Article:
Science can be fun – really!
Why write this piece?
Early January 2011 the BBC science show Horizon presented a show led by the comedian Ben Miller who also it transpires studied for a PhD in Physics in Cambridge at the Cavendish! As he was so kind as to spend several minutes talking in front of yours truly (and zooming into my livery i.e. the phrase Reality Checkpoint carved into my paint) I was inspired to add my minor reflections on thermodynamics to his thoughts.
What is Thermodynamics
If you look at the wiki article you can summarise thermodynamics as the physics of heat and energy. An amazing aspect to me is how philosophical it all is and how it tells us fundamental things about reality (my favourite subject). It also speaks to the bridge between classical physics and the more modern understanding of things (in the sense of twentieth century).
We all work with the ideas of classical thermodynamics; we pump gas into a car tyre to increase the pressure, we blow up a balloon to increase its volume, we know that hot air rises as air expands when heated. Classical physics treats these outward properties of a system as being all encompassing link Pressure, Volume and Temperature in a holy Trinity and viewing matter as a continuous fluid entity.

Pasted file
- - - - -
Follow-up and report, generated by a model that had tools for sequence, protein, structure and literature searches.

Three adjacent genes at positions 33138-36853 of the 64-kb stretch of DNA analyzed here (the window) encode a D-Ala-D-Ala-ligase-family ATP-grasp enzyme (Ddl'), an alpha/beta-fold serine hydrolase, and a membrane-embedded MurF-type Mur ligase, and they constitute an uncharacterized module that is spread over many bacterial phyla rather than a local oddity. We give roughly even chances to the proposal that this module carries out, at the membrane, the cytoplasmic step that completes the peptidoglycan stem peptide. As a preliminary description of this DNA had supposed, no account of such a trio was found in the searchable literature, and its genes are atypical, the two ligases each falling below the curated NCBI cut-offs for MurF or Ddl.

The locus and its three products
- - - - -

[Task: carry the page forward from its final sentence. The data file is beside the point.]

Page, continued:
Needless to say this is all false!
Here we need to understand the importance of scale; consider a room, it is a lot bigger than a molecule of gas. To help really understand that statement, consider that a typical room probably contains a vast number of molecules around 10 to the power of 27. This is a number so large then even written as one thousand trillion trillion it makes no sense. In perspective, there are only several 100 billion stars in the Milky Way, another incomprehensible number.
Consider one molecule it has a volume, but it doesn’t have a temperature or pressure! In fact all it has is speed (kinetic energy). The speed of each molecule is random as they ‘collide’ with walls and each other, but across such a vast number we get a perfect curve of energies and therefore behaviours that equate to pressure (as the molecules hit objects) and temperature (again from the energy transfer to cooler objects or from hotter objects!
Well, the part that always astounds me is that the simple model of gas as a continuous fluid or a room full of vast numbers of molecules all whizzing around produces the same equations!
This is why we simplify our description of a gas and talk about it in ways the standard mind can follow!